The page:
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Cardiac magnetic resonance (CMR) imaging has become a powerful diagnostic tool in the assessment of cardiomyopathy. CMR not only provides a comprehensive evaluation of structure and function, but also allows for tissue characterization. CMR is the gold standard for quantification of cardiac volumes and function; it allows 3-dimensional visualization of the heart, as well as detailed flow evaluation with velocity encoded cine imaging. Tissue characterization has become the most exciting aspect of CMR in the field of heart failure (HF). The use of late gadolinium enhancement (LGE) allows for direct visualization of focal ischemic and nonischemic scar. Advances in T1 mapping now enable quantification of diffuse myocardial fibrosis by measuring the extent of interstitial expansion via extracellular volume (ECV) fraction. Further tissue characterization is performed with T2 mapping allowing for visualization of myocardial edema, while T2 star mapping directly quantifies myocardial iron content. The comprehensive nature of CMR not only yields high-quality diagnostic data, but also significant prognostic information, especially in patients with HF. This chapter will highlight the critical role of CMR in the assessment of cardiomyopathies.



A 50-year-old woman with a history of coronary artery disease (CAD) and coronary artery bypass grafting, prior myocardial infarction (MI), and ischemic cardiomyopathy presented with dyspnea and decompensated systolic HF. Her bypass grafts were found to be occluded, including her left internal mammary artery, and she was being evaluated for possible repeat bypass surgery. CMR was ordered to assess myocardial viability.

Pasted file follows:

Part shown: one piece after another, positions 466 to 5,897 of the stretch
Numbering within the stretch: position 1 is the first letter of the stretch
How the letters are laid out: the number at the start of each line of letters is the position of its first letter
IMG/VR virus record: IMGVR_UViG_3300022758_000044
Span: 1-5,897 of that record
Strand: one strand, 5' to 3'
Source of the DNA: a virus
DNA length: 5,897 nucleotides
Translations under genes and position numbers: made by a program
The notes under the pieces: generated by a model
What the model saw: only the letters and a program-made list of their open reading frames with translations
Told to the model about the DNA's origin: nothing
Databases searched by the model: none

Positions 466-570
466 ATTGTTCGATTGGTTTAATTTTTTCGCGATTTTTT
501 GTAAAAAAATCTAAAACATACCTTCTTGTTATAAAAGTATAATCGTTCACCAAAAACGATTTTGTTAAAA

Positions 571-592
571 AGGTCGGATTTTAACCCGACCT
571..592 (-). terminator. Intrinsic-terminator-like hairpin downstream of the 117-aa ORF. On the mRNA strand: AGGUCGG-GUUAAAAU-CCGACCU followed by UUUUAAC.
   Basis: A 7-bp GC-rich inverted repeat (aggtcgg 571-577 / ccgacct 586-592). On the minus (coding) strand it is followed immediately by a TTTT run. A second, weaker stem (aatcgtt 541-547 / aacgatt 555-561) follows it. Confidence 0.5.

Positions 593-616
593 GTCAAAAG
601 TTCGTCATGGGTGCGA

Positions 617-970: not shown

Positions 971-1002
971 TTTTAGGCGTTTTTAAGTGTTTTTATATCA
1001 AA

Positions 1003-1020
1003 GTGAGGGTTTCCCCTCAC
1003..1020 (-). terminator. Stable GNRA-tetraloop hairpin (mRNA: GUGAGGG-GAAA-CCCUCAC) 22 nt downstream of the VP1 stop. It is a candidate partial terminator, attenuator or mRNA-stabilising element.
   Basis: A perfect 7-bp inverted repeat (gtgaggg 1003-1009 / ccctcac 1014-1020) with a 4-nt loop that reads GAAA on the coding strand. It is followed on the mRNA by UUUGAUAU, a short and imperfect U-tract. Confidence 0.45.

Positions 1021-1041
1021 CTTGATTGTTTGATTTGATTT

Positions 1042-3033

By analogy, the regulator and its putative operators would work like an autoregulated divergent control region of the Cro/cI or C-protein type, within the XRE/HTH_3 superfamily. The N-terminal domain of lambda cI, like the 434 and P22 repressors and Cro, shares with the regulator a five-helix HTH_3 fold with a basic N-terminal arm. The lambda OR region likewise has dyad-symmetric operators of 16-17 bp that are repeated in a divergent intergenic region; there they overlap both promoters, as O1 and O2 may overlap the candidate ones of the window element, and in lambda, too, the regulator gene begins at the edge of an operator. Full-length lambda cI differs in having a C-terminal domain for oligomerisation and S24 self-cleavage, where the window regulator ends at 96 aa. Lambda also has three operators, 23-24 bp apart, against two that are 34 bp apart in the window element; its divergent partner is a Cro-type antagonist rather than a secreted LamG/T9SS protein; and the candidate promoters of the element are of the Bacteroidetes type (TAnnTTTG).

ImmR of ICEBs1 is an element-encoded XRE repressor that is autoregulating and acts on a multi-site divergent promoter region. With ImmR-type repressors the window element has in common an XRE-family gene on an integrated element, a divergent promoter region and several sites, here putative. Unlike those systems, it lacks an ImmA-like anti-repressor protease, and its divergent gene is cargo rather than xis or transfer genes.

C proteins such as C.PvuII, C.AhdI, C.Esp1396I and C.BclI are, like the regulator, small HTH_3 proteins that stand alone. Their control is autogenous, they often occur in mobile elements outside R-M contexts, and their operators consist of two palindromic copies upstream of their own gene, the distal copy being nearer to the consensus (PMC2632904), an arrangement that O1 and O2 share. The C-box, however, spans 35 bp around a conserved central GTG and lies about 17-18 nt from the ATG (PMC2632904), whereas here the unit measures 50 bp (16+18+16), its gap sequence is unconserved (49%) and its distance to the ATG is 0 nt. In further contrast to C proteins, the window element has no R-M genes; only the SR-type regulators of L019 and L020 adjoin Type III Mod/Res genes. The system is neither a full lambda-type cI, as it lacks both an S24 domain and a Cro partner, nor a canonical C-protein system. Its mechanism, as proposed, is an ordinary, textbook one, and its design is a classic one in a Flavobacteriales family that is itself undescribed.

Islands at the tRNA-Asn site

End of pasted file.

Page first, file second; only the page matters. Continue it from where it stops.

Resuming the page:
Assessment of cardiac function with electrocardiogram (ECG)-gated steady-state free precession (SSFP) cine imaging, a key element of the standard CMR cardiomyopathy protocol, demonstrated multiple regional wall motion abnormalities (Figure 23-1) and moderate to severe left ventricular (LV) systolic dysfunction. LGE imaging showed near transmural MI of the basal to mid inferolateral wall and the entire apex (Figure 23-2), consistent with nonviable myocardium. Subendocardial infarction involving 50% of myocardial wall thickness was present in the anteroseptal, anterior, and anterolateral segments (Figure 23-3), suggesting partial viability. Given multiple segments with limited to no viability, high risk of redo sternotomy, and concern for medication noncompliance with dual antiplatelet therapy, the patient was managed with aggressive goal-directed medical therapy.

Figure 23-1

Horizontal long-axis steady-state free precession (SSFP) cine at end diastole (A) and end systole (B) in a patient with severe ischemic cardiomyopathy.

Figure 23-2

Subendocardial to transmural hyperenhancement (blue arrows) in horizontal long-axis (A) and 3-chamber (B) views on late gadolinium enhancement images represents infarcted myocardium.

Figure 23-3

Subendocardial myocardial infarction (blue arrow), transmural myocardial infarction (red arrow), and papillary muscle infarction (yellow arrow) on late gadolinium enhancement short-axis image.


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